Even before she met Rhodes, she was entranced by him. She had heard reports about him from Stead and others in London, and on returning to the Cape expressed her hope of meeting him. Though living in Matjesfontein, she frequently visited Cape Town, becoming a star of high society there. In a letter to her friend Havelock Ellis, a London psychologist and writer, she complained of the uncultured nature of most of the white population in the Cape - ‘Fancy a whole nation of lower middle-class Philistines, without an aristocracy of blood or intellect or of muscular labourers to save them!’ - but added, ‘There is one man I’ve heard of, Cecil Rhodes . . . whom I think I should like if I could meet him.’ Shortly afterwards, in June 1890, she wrote to Ellis excitedly: ‘I am going to meet Cecil Rhodes, the only great man and man of genius South Africa possesses.’ She told Stead that she felt a ‘curious and almost painfully intense interest’ in ‘the man and his career’.

Rhodes was similarly impressed by Schreiner and her writing. He had read The Story of an African Farm in 1887 and was moved by its passion, force and evocative descriptions of the vast spaces of the African interior. They struck up a warm friendship, often meeting at dinner parties and on the station platform at Matjesfontein when Rhodes would use his stopping-off point as an occasion to talk to her. After a dinner with him at Matjesfontein in November 1890, she wrote to Ellis relating how Rhodes reminded her of her character Waldo in An African Farm: ‘the same, curious far-off look, combined with a huge, almost gross body’. She thought of him as a ‘man of genius, as a sort of child’, and felt curiously tender towards him. On another occasion she wrote that her feelings for Rhodes were different than those for any other person. ‘It’s not love, it’s not admiration . . . it’s not that I think of him as noble or good . . . it’s the deliberate feeling, “That man belongs to me.”’ In December, they travelled together when Rhodes went to Bloemfontein to open a rail extension. ‘He is even higher and nobler than I had expected,’ she wrote afterwards, ‘but our friends are so different [that] we could never become close friends. [Yet] he spoke to me more lovingly and sympathetically of An African Farmthan anyone has ever done.’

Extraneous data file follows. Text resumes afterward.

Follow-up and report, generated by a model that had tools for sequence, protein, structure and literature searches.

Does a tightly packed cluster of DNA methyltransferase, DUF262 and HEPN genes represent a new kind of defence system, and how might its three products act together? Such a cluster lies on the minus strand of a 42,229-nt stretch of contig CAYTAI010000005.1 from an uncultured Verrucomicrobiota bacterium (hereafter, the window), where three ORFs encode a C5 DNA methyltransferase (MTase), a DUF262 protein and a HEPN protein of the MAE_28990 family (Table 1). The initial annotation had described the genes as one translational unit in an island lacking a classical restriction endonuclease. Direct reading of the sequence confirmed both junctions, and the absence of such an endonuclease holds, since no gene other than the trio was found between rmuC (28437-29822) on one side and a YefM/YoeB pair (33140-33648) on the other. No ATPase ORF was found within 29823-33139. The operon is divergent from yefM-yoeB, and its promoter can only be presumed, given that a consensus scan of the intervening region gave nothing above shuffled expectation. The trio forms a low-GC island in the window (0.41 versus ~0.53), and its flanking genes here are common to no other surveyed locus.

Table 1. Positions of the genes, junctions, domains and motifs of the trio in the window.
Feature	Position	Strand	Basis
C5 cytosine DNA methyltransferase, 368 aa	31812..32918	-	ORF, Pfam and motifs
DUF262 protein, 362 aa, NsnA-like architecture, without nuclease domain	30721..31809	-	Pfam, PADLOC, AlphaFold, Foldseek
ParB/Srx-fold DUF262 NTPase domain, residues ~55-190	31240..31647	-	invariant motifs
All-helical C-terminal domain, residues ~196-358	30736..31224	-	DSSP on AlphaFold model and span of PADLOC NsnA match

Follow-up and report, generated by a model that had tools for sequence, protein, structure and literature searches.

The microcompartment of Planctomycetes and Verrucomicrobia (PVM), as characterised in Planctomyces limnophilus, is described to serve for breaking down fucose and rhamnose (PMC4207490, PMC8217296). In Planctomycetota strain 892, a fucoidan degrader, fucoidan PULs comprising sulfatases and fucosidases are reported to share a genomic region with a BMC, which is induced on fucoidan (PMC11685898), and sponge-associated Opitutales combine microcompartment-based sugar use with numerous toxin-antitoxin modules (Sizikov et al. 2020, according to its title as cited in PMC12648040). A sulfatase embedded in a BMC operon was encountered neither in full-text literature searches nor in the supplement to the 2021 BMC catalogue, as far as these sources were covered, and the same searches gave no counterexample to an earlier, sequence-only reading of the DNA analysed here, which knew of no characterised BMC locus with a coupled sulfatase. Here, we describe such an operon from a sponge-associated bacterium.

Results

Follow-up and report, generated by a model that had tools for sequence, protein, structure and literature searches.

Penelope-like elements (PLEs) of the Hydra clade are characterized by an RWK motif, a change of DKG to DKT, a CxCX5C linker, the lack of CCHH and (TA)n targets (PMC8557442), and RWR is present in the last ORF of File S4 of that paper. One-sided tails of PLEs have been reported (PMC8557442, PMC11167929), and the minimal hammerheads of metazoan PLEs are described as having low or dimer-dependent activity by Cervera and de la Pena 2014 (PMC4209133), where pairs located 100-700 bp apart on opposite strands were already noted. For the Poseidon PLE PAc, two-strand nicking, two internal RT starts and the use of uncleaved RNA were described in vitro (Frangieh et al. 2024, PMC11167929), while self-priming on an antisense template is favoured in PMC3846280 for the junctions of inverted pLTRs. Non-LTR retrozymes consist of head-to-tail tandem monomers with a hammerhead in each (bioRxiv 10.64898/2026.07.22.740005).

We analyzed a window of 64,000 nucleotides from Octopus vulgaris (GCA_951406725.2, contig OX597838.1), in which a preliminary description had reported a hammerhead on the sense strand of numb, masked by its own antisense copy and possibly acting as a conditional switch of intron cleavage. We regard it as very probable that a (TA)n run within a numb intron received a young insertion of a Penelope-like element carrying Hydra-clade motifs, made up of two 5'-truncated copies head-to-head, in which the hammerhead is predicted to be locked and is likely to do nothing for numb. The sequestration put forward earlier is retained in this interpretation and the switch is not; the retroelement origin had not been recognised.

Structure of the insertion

At Groote Schuur, Rhodes often gave Schreiner precedence over other ladies. Her conversation there, recalled a visiting Irish politician, Swift MacNeil, was ‘as perfect and as sparkling as that of her writings’. Others spoke of her ‘vivid personality’, her ‘wonderful eyes’, and her face ‘alight with intellect and power’. Sir Henry Loch’s young niece, Adela Villiers, who met her in 1890, described her as ‘a symbol, a seer, a teacher with her intellect afire for all that was great and beautiful and her heart aflame with love and pity for those who were despised’.